Monitor for arguments based on:

  • transformations
  • supplementary angles 


Display two intersecting lines for all to see. Remind students that the pairs of angles opposite the intersection point are called vertical angles. Arrange students in groups of 2. Tell students there are many possible answers for the questions. After quiet work time, ask students to compare their responses to their partner’s and decide if they are both correct, even if they are different. Follow with whole-class discussion.

Engagement: Internalize Self Regulation. Demonstrate giving and receiving constructive feedback. Use a structured process and display sentence frames to support productive feedback. For example, “How do you know…?,” “That could/couldn’t be true because…,” and “We can agree that.…”
Supports accessibility for: Social-emotional skills; Organization; Language

Student Facing

Here are 2 intersecting lines that create 2 pairs of vertical angles:

Intersecting lines.

1. What is the relationship between vertical angles? Write down a conjecture. Label the diagram to make it easier to write your conjecture precisely.

2. How do you know your conjecture is true for all possible pairs of vertical angles? Explain your reasoning.

Student Response

For access, consult one of our IM Certified Partners.

Student Facing

Are you ready for more?

One reason mathematicians like to have rigorous proofs even when conjectures seem to be true is that sometimes conjectures that are made turn out to not be true. Here is one famous example. If we draw \(n\) points on a circle and connect each pair of points how many regions does that divide the circle into? If we draw only 1 point there are no line segments to connect and so just 1 region in the circle. If we draw 2 points they are connected by a line segment which divides the circle into 2 regions.

  1. If we draw 3 points on a circle and connect each pair of points with a line segment how many regions do we get in our circle?
  2. If we draw 4 points on a circle and connect each pair of points with a line segment how many regions do we get in our circle?
  3. If we draw 5 points on a circle and connect each pair of points with a line segment how many regions do we get in our circle?
  4. Make a conjecture about how many regions we get if we draw \(n\) points on a circle and connect each pair of points with a line segment.
  5. Test your conjecture with 6 points on a circle. How many regions do we get?

Student Response

For access, consult one of our IM Certified Partners.

Anticipated Misconceptions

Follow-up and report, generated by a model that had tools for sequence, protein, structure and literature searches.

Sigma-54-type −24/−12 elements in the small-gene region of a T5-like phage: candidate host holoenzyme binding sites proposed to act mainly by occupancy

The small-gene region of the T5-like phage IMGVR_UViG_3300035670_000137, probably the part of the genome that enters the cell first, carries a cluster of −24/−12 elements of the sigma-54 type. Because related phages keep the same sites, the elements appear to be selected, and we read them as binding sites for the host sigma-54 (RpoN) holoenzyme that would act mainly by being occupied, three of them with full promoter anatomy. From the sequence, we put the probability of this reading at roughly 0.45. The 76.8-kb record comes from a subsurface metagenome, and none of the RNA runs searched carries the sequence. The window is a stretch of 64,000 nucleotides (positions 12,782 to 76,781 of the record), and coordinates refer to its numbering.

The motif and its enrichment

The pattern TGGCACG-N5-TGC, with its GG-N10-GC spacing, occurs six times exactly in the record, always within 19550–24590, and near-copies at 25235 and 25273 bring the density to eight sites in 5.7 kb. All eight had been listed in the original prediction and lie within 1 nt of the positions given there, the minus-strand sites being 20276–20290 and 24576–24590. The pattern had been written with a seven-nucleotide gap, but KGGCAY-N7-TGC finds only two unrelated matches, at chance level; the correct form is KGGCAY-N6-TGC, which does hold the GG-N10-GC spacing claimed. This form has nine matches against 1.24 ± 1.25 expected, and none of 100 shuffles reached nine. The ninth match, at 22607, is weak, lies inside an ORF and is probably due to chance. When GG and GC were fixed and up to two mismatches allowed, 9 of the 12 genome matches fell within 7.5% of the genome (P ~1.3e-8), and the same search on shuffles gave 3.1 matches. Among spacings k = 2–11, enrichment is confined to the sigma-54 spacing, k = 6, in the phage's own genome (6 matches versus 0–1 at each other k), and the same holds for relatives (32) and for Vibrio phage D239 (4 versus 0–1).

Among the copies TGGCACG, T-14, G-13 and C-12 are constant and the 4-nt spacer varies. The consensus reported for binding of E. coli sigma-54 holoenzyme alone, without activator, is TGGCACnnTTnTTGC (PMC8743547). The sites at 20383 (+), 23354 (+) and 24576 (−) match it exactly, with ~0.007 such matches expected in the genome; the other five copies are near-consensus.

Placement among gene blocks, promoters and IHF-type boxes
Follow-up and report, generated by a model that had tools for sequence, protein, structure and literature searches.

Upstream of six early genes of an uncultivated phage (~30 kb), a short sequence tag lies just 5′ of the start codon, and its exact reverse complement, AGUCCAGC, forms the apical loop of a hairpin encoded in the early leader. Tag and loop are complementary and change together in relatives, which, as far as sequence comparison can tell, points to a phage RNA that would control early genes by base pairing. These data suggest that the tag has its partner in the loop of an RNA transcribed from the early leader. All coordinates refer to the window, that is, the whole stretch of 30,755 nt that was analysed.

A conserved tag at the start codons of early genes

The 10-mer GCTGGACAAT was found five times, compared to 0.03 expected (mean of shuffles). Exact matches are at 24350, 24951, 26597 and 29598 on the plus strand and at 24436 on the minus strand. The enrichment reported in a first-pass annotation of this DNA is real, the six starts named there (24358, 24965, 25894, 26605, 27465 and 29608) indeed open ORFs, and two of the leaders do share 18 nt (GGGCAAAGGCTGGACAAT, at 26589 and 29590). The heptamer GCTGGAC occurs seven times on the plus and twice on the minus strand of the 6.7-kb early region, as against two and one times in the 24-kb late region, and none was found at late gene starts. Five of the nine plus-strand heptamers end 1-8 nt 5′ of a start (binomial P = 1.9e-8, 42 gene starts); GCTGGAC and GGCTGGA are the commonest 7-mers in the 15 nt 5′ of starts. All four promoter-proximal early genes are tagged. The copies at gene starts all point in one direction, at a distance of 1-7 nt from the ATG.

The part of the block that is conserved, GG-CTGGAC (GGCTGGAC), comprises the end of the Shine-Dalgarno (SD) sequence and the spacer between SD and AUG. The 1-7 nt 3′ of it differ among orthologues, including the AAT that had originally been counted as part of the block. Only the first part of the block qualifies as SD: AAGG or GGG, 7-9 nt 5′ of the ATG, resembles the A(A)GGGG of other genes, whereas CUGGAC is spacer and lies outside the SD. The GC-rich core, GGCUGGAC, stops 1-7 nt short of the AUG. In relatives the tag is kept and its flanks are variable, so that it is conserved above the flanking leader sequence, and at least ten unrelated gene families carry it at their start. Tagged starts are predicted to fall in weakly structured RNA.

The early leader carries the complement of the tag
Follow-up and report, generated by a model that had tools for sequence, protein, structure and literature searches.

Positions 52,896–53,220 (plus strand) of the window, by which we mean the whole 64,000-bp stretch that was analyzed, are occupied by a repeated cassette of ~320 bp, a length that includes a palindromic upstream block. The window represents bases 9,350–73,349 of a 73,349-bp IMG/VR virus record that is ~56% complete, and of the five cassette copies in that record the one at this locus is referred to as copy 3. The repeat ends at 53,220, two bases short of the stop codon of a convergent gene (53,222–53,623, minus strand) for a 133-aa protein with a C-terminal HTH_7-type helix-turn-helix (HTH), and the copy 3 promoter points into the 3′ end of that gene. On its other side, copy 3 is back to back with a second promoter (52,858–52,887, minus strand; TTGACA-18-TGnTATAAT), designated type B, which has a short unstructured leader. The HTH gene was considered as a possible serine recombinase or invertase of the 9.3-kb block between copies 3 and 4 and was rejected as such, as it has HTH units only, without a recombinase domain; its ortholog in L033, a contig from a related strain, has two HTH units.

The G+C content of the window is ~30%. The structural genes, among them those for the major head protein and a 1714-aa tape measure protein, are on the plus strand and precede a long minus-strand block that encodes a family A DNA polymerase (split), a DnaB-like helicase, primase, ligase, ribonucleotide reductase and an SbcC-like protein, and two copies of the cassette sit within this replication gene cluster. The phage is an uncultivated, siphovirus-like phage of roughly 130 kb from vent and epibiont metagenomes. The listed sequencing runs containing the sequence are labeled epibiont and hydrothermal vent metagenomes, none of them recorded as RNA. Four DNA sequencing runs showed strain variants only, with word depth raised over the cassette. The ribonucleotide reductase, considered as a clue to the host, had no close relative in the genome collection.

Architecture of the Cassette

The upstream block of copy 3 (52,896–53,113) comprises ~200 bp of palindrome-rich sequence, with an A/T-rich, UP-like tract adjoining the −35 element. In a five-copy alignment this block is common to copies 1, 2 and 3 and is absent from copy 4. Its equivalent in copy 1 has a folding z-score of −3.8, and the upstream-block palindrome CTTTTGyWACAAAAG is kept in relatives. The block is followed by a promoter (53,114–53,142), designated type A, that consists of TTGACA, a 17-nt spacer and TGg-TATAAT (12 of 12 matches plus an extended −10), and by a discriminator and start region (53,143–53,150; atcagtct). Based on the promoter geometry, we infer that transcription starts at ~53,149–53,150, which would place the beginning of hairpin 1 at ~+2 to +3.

If students are stuck, suggest they label one of the acute angles as \(x^\circ\). Ask what else they can label or figure out based on that information.

Activity Synthesis

The purpose of discussion is to refine students’ arguments into convincing proofs. With input from students, label points on the figure so that everyone can discuss the same objects consistently. Ask previously identified students to share their transformational argument. Then invite previously identified students to share their supplementary angles argument.

Ask if either argument relied on the specifics of the particular angles given. Tell students that a proof has to work for any angle measure, otherwise it's an example.

Students will be writing an explanation that vertical angles are congruent in the cool-down, so be sure students understand at least one of these arguments.

Lesson Synthesis

Lesson Synthesis

Tell students “In everyday life, it is often complicated to understand all of the reasons why statements are true or false. For example, think about the economic system, international relations, or the history of a country. In geometry, the objects of study are not as complex: angles, lines, points, triangles, and so on. In this way, geometry is a great training ground for understanding the reasons why ideas are true and communicating those reasons to others.”

In the previous activity, students came up with different explanations for why vertical angles are congruent. Discuss the difference between arguments based on angle measure and arguments based on transformations. Ask students,

  • “Which argument makes more sense to you, rigid transformations that take one vertical angle onto the other, or using straight angles to look at 180 degree sums?” (Transformations make more sense because it’s possible to see how one angle is taken onto the other. I like algebra better so I prefer the 180 degree sums.)
  • “What is the difference between angle and angle measure?” (It’s like the difference between a segment and its length. Segments and angles are geometric figures, but lengths and angle measures are numbers used to describe how large or small the segments and angles are.)

Ask students to add this theorem to their reference charts as you add it to the class reference chart:

Vertical angles are congruent.


Two intersecting lines with vertical angles marked.

Provide the tip: Look for vertical angles whenever two lines intersect.

19.4: Cool-down - Plead Your Case (5 minutes)


For access, consult one of our IM Certified Partners.

Student Lesson Summary

Student Facing

In many situations, it is important to understand the reasons why an idea is true. Here are some questions to ask when trying to convince ourselves or others that a statement is true:

  • How do we know this is true?
  • Would these reasons convince someone who didn’t think it was true?
  • Is this true always, or only in certain cases?
  • Can we find any situations where this is false?

In this lesson, we reasoned that pairs of vertical angles are always congruent to each other:

Intersecting lines forming a pair of congruent vertical angles.

We saw this by labeling the diagram and making precise arguments having to do with transformations or angle relationships. For example, label the diagram with points:

Lines CD and AB intersect at E, from the top and clockwise forming angles y degrees, w degrees, z degrees and x degrees. Angles x degrees and w degrees are congruent.

Rotate the figure 180 degrees around point \(E\). Then ray \(EA\) goes to ray \(EB\) and ray \(ED\) goes to ray \(EC\). That means the rotation takes angle \(AED\) onto angle \(BEC\), and so angle \(AED\) is congruent to angle \(BEC\).

Many true statements have multiple explanations. Another line of reasoning uses angle relationships. Notice that angles \(AED\) and \(AEC\) together form line \(CD\). That means that \(x + y = 180\). Similarly, \(y + w = 180\). That means that both \(x\) and \(w\) are equal to \(180-y\), so they are equal to each other. Since angle \(AED\) and angle \(CEB\) have the same degree measure, they must be congruent.